They also know that he spend four seasons playing for the University of Michigan Wolverines, and that most impact players who make the NHL out of the NCAA don't play four years. So Pateryn is unlikely to be a game breaker.
Pateryn's dedication to becoming a pro hockey player has also been questioned at times because of his insistence to finish his schooling. Many were upset that he refused to sign a pro contract after his NCAA season ended to join the Hamilton Bulldogs for the remainder of their season, choosing instead to focus on his final exams at the University of Michigan.
Here's an interview with Pateryn through the CCHA:
20 Questions with Greg Pateryn (via cchaproductions)
However this criticism is unfair. With the level of player that Pateryn is, it makes sense to have a back up plan if pro hockey doesn't work out. He was just being smart. And the margin for success for Pateryn is razor thin.
Pateryn is the seventh highest ranked player to not receive votes from every panelist, but he had a couple champions in his corner that bumped him way up the list.
|Player||Berkshire||Cooper||Peter||Boyle||Van Steendelaar||Dahan||Ive||Boucher||La Rose||Rice|
STRENGTHS: At 6'3" and 214 lbs, Pateryn was an imposing figure in the NCAA, regularly defending against the best and strongest forwards in college hockey. Pateryn plays a physical style and is very effective defensively. His positioning was solid for the level of hockey he played, but since he stayed for the full for years it's tough to evaluate how he'll transition into the professional leagues. Pateryn has been noted as a strong leader in the room who plays and practices hard, and seems to have been a good influence on his younger defense partner, and fellow Habs prospect Mac Bennett.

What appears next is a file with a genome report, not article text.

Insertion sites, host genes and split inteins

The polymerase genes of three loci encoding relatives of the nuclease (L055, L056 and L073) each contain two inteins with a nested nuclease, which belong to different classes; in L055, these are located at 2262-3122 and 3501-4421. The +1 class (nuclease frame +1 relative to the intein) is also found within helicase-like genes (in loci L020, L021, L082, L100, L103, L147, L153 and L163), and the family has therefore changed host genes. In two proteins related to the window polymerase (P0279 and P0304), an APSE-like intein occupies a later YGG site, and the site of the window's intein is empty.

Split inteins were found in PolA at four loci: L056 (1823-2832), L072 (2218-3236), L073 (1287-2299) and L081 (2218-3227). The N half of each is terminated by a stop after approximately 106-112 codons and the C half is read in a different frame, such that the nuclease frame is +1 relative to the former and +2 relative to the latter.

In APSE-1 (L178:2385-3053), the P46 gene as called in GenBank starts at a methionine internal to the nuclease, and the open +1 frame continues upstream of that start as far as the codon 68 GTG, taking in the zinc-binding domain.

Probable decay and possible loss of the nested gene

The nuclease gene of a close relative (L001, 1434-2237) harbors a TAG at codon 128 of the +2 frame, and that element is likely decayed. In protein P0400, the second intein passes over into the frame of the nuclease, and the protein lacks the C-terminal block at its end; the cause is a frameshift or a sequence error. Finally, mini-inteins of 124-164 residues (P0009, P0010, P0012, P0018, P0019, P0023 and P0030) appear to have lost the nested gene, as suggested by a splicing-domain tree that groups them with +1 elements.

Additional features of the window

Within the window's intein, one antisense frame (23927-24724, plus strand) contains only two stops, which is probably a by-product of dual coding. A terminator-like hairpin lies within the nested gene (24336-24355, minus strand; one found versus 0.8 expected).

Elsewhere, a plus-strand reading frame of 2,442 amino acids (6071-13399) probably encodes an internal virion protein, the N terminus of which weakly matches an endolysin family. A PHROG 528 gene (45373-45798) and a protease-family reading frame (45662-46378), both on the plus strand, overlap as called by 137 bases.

As an example of what Pateryn can do, here is perhaps his best game of Michigan:
Michigan Hockey Doubles Up Western 6-3 (via MGoBlueVideo)
WEAKNESSES: Pateryn is by no means an offensive defenseman. Michigan wasn't a great offensive team during his tenure, but even so, his best offensive year is about half of what Mike Komisarek put up in his second NCAA year, also with the Wolverines. This is why I mentioned Pateryn's chances of being a success being so thin. Without any offense to cover for mistakes, and without the same size advantage in the pros that he has in the NCAA, Pateryn needs to play excellent D as well as become an adept penalty killer in order to carve out an NHL career.
PROJECTION: Pateryn faces a tough challenge this year as he goes from a top dog in the NCAA to just being the oldest rookie on the extremely young Hamilton Bulldogs defense core. His leadership will likely be counted on to keep those guys in check. The trouble for Pateryn is that there are so many younger defensemen in the Canadiens system that are poised to overtake him that he may never get his shot. And even if there is an injury to the Habs D this season, Frederic St-Denis has earned the right to be the first call up with solid play. Pateryn needs to make an impression this season, and even if he does he's likely limited to a ceiling of the 6th or 7th defenseman on the depth chart.
|#24: Steve Quailer||#23: Greg Pateryn||#22: Joonas Nattinen|